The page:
Sunday, Aug 13, 2023

‘Why I call myself an Indian’

This August 15, as we lead the world to empathetic ways of living, in our nation, freedom for one is freedom for all

freedom I appreciate what freedom brings my way because I have lived, loved, gained, lost, and seen death come close (Suvir Saran)
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‘Why I call myself an Indian’
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Small acts of everyday freedom go a long way in establishing who we are as a people, and who we may want to become as a society and a nation. Ahead of Independence Day, we bring you stories of little acts of defiance, endless notes of possibilities

Moments when I feel liberated are not easily defined. Freedom isn’t just the quality and state of being free; it is an unfettered state of being where I am exempt from onerous and insidious thoughts and realities. I feel the scent, vibe, attitude, and empowerment of freedom when I am liberated from the shackles of others and the powers that control us through societal and geopolitical pacts and pressures.

I remember feeling free of the angst and misery that broke me daily when I was 14. I saw a stamp-sized portrait of a 20-something Rohit Bal in an advertisement in India Today. In his eyes, I found a collegial link to the vicissitudes of emotions I battled daily. In his confident stare, that seemed rehearsed, I found a connection to the fake smile and confidence I mustered to cope with the mundane tasks of a student, sibling, son and young citizen of a young nation. I looked up “Bal” in the telephone directory, and on my eight try reached this czar of Indian fashion. Once we connected, he opened Delhi for me. Through that I was mentored, educated, supported, indulged, nurtured, emancipated and inspired. Rohit and many others made me proud of myself, and even as I was hiding from my family and classmates, they were providing me with the haven they were grappling to find for themselves.

That unexpected meeting with an iconic designer that made me come of age as a gay man in my teens gave me the confidence and freedom to navigate college in Mumbai. The freedom to be myself, even when I wasn’t living out and proud, was challenged daily because I looked, dressed and spoke differently. There were fleeting moments when I relished deep satisfaction because a classmate showed empathy to another, and another towards me. There were moments when I saw tenderness on the street between two adults, and in this rare public display of affection in a nation very shy and squeamish about it, I felt free and tasted the exhilarating power of independence and an autonomy that released people to be themselves.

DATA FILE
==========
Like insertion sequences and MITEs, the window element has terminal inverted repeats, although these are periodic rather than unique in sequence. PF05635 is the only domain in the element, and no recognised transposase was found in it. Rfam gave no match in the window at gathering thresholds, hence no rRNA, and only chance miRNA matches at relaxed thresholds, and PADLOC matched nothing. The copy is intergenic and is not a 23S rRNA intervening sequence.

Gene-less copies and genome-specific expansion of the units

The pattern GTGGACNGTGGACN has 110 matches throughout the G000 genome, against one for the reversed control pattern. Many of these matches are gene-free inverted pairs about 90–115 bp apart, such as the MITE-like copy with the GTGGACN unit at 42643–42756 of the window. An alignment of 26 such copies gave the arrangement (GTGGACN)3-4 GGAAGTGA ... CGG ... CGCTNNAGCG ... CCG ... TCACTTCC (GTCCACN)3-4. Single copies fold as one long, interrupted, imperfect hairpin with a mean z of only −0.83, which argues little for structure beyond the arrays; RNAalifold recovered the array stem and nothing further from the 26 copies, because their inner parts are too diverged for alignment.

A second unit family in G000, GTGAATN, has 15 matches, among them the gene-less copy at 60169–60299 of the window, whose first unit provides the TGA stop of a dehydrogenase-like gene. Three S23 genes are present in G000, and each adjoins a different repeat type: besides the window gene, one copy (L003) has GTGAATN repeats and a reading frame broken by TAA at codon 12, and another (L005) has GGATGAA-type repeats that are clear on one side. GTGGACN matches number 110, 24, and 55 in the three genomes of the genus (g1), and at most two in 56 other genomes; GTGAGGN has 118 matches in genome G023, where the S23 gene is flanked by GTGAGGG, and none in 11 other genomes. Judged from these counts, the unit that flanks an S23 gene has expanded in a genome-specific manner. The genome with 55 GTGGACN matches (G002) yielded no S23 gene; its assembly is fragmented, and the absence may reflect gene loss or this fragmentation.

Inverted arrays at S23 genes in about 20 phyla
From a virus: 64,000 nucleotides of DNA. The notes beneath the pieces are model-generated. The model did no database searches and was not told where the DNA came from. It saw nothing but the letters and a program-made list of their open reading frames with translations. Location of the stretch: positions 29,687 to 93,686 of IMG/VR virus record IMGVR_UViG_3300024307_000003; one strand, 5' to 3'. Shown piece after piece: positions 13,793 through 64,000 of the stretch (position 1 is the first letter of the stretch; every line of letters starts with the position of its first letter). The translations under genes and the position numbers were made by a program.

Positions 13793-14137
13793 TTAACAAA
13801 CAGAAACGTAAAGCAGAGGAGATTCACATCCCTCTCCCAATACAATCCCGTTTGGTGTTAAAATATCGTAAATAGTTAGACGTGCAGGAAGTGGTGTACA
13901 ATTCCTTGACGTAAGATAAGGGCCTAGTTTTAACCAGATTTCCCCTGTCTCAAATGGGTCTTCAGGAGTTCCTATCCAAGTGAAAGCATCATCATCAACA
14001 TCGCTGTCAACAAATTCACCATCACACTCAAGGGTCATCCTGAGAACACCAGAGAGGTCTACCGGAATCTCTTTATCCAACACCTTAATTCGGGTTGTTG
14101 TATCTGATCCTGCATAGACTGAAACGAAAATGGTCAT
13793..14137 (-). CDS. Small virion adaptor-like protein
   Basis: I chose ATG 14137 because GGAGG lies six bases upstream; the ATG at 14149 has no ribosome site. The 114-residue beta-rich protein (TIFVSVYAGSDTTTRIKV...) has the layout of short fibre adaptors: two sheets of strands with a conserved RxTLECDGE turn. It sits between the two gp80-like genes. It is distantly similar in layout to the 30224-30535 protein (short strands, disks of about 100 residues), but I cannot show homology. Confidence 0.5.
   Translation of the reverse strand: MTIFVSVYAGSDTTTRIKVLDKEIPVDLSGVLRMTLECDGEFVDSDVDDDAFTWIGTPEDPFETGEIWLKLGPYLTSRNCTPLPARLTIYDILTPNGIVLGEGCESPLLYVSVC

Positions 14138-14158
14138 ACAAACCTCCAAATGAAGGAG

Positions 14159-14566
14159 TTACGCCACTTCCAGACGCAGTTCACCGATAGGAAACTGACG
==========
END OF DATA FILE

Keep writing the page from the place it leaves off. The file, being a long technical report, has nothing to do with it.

Twenty and full of dreams, I matriculated in Manhattan at School of Visual Arts. New York City was a planet unto itself. It packed in a second what many lifetimes in other cities couldn’t bring to my experience. The city that never sleeps opened doors, created opportunities and brought me love and fulfillment that made me soulfully resplendent and resplendently free from my inner demons and the boundaries created by my youthful imagination of the past.

Fifty and now back in India three lavishly lived decades later, I celebrate freedom daily and appreciate what it brings my way with greater hunger because I have lived, loved, gained, lost, and seen death come very close. As I think about August 15, and the pride and emotions that it brings, I find myself far from munificent in how I feel about the world at large, and so I am lost, wondering what if any meaning of celebrating a nation’s freedom contributes to the larger picture of life. I worry about a world that has majoritarian leaders who have nary a care about the citizens of their nations who do not fit neatly into those comforting boxes where vote-bank politicking is made easier and profitable with guarantees of future electability.

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I am proud of Mother India, Maa Bharati, as it is the proud home to one of the richest and most diverse populations in the world. I take pride in calling myself Indian because I can live with a plurality of all kinds and with a democratic system that mostly works for the benefit of all. So, this August 15, I hope to find myself free of those thoughts that enrobe me with the fear of seeing India lose its shimmer as a nation that leads the world to deeply empathetic ways of living and loving, caring, and nurturing – where advancement and freedom for one is freedom and advancement for all. My most cherished moments of feeling free and proud have found shape and form either in India or because of India, and so I wish to always have India be that beacon of light that shines brightly amongst free nations and civil societies. I hope to be the flag of India myself and flutter freely as the world learns about Vasudhaiva Kutumbakam, the Indian way, where we all are One Earth, One Family, One Future.

First published on: 13-08-2023 at 05:00 IST
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